2011 Big Ten
Bariatric patients continue to be a key patient segment that HMEs should target during 2011.
- By David Kopf
- Jan 01, 2011
Last year, HME Business’s ongoing coverage highlighted bariatric patients as a key patient group providers should serve, and this has been such an important trend that we are adding it to this year’s Big 10. Bariatric patients are a population providers cannot ignore during 2011. An adult is considered to be obese if he or she has a body-mass index of 30 or more. As of 2010, 72 million Americans are now obese, according to the Centers for Disease Control. Now, about one-third of the residents of nine U.S. states are obese.
And the population of obese Americans is climbing. There are 2.4 million more obese people in America now than in 2007, and the number of states with an obesity prevalence of 30 percent or more has tripled in two years to nine in 2009.
Of course, there is a question of how obese a patient is. An adult is considered obese if he or she has a BMI of 30 or above. For example, a 5-foot-4 woman who weighs 174 pounds or more, or a 5-foot-10 man who weighs 209 pounds or more has a BMI of 30, and so is considered obese. But while America deals with its obesity epidemic, the number of bariatric patients is tougher to come by, especially for when it comes to morbidly obese Americans (those weighing 300 pounds or more, with a body mass index of 40 or more). Some figures put it as high as 9 million people.
Notably, there are a number of key DME product segments that cater to bariatric patients’ special needs. Bariatrics defines so many categories because bariatric patients have so many needs. They require special beds, special mattresses and support surfaces, to begin with. They have bath safety requirements that are both shared and unique from other patient groups, and they also have home access requirements that are unique, as well. In terms of mobility, they have unique walking aid, wheelchair and scooter requirements.
This offers opportunities for all sorts of HME providers looking to tap into this important patient population. Let’s take a look at a few:
Support surfaces and wound care are a particularly critical area for bariatric patients. Bariatric patients are at greater risk for pressure sores due to their size and immobility. There is a greater skin to weight ratio in these patients, confounded, in many cases, by their inability to turn every two hours. Add increased levels of moisture due to perspiration, and the situation is ideal for pressure sores.
Also, bariatric patients typically have lower levels of oxygen in their blood due to their obesity puts a strain on their hearts and lungs. This fosters the development of wounds since nutrition and oxygen can’t get to areas trying to fight off an ulcer.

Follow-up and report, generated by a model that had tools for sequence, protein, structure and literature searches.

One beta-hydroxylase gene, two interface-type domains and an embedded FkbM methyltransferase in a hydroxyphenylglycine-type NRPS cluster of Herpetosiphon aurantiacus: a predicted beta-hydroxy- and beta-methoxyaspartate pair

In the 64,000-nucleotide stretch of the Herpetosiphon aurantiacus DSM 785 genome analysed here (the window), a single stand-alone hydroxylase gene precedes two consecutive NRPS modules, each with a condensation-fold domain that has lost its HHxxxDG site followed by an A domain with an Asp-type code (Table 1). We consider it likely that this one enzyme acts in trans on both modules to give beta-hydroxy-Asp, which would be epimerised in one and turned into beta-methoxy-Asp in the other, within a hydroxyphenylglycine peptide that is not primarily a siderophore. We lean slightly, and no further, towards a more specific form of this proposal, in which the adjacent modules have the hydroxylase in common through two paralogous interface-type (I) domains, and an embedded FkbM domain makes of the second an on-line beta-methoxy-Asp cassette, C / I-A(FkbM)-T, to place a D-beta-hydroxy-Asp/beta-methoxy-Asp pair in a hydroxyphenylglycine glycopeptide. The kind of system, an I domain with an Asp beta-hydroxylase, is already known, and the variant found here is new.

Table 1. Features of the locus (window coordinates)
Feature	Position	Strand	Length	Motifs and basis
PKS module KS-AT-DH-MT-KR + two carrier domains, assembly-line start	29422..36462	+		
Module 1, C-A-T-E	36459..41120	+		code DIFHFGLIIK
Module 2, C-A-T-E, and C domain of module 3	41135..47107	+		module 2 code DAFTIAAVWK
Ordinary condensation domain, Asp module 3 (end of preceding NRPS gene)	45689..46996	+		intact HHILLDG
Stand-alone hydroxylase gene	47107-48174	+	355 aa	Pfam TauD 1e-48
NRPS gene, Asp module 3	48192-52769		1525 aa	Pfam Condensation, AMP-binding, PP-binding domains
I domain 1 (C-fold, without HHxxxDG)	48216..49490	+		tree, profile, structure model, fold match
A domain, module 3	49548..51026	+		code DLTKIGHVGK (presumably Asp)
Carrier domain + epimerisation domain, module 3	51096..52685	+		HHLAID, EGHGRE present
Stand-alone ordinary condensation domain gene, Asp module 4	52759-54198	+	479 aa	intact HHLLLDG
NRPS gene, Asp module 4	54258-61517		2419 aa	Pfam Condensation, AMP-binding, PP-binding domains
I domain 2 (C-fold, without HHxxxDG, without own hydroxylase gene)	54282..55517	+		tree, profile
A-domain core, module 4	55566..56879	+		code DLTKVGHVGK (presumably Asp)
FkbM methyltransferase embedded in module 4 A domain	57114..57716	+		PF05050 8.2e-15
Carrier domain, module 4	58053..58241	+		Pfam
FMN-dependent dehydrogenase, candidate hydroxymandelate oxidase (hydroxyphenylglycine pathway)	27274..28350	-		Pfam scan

Low air loss mattresses and alternating pressure mattresses can help prevent wounds by respectively providing airfl ow to help keep skin dry, and expanding and contracting sets of air cells to continually shift pressure. This is a key product segment for bariatric patients.
Providers also need to be concerned with what goes under that support surface. In the very basic sense, bariatric patients need beds that can support both their weight and size. Durability is a key factor and providers need to ensure that the bed they are provided is designed for the patient’s weight. Also, bariatric beds need to be safe. If a bariatric patient falls out of bed, he or she can sustain significant injuries. So bariatric beds are lower to the ground to prevent injurious falls.
Besides safety, bariatric beds also need to deliver decent comfort. Because bariatric patients are likely to spend more time in their beds, the beds should be able to provide functionality such as being able to articulate into a sitting position so that the patient can conduct activities besides sleeping while in bed.
Bath safety is another important area of bariatric care. Bariatric patients are subject to the same fall risks as seniors, and, in some cases, the results of their falls can be more devastating given their weight. Also, they need bathroom fixtures that will support their weight.
So, sturdy grab rails that can support the patient’s weight should be strategically throughout the bathroom. The toilet must be a special bariatric unit that supports their weight, so some bariatric toilets can support as much as 850 pounds. Bariatric toilets are also often taller so that the bariatric patient does not have to drop down on them. Also a shower chair or bench is important. The prospect of sitting in a tub also has injury potential so bariatric patients must use a shower, but should have a chair to prevent a slip and fall.
Whether it is bath safety, or support surfaces, or beds, or other categories such as mobility, lift chairs, home access or other DME product segments, bariatric patients will continue to be a key population providers should be serving during 2011.
Points to Remember
- 72 million Americans are obese and possibly 9 million of them are morbidly obese.
- This creates a key patient population that providers must be serving.
- Bariatric patients’ conditions, as well as their co-morbidities, mean they need a range of services from HME providers.
- One key segment is support surfaces, such as low air loss and alternating pressure mattresses, which can help prevent pressure ulcers in bariatric patients.
- Other keys segment are bariatric beds and bathing solutions that both must be sturdier and safer.
This article originally appeared in the January 2011 issue of HME Business.
David Kopf is the Editor of HME Business.